Susan Colby, The Bridgespan Group
Kim Smith, NewSchools Venture Fund
Jim Shelton, The Bill & Melinda Gates Foundation
September 2005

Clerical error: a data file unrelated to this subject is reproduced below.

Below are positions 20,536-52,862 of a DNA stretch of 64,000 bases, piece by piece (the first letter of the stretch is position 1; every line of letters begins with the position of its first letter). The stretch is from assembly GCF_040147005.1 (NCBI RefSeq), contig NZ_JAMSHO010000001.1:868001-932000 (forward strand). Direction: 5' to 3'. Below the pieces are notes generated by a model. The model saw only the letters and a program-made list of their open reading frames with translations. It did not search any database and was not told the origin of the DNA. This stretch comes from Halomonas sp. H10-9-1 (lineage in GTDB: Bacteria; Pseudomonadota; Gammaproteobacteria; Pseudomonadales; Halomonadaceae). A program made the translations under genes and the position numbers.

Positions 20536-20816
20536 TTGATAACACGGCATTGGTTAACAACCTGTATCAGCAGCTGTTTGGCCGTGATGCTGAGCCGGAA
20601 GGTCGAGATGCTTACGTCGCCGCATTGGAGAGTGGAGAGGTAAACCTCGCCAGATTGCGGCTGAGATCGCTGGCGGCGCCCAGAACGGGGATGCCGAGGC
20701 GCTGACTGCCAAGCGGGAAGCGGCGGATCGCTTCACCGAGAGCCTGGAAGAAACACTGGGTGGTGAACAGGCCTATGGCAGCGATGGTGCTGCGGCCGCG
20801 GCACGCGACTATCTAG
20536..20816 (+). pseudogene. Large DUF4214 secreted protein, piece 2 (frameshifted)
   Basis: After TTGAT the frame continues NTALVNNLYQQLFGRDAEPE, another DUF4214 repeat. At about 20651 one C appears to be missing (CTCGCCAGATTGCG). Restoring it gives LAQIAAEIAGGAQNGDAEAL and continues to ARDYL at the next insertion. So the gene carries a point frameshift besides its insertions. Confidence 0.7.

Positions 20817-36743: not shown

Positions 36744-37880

The buzz phrase is "taking it to scale." The question behind it is straightforward: "How do reform leaders grow the number of high-performing public schools serving children?" This short paper describes the school-development landscape so that potential funders and advocates might better understand the models currently used to start or replicate schools. Often the schools referred to are charters, though not always. The authors group the organizational models into categories, depending upon whether their operators exhibit "tight" or "loose" control over each school's design, and whether they exert tight or loose management controls. The key conclusion the report reaches is that the tighter the management that suppliers exercise over the schools being replicated (e.g. an Education Management Organization such as Edison Schools), the better the results - i.e., a greater chance of creating a high-quality school. But there's a downside. It also leads to slower, more costly execution. Loose control (such as an "association" or "design team" model would practice) is faster but also more apt to yield wide variations in quality. The authors add helpful descriptions of BayCES, KIPP, and Aspire Schools, among others, to illustrate their categories and make their points. It's an interesting paper, from three organizations that can speak with authority on this topic, and it brings some analytic thinking to a tricky subject. You can find it online here.

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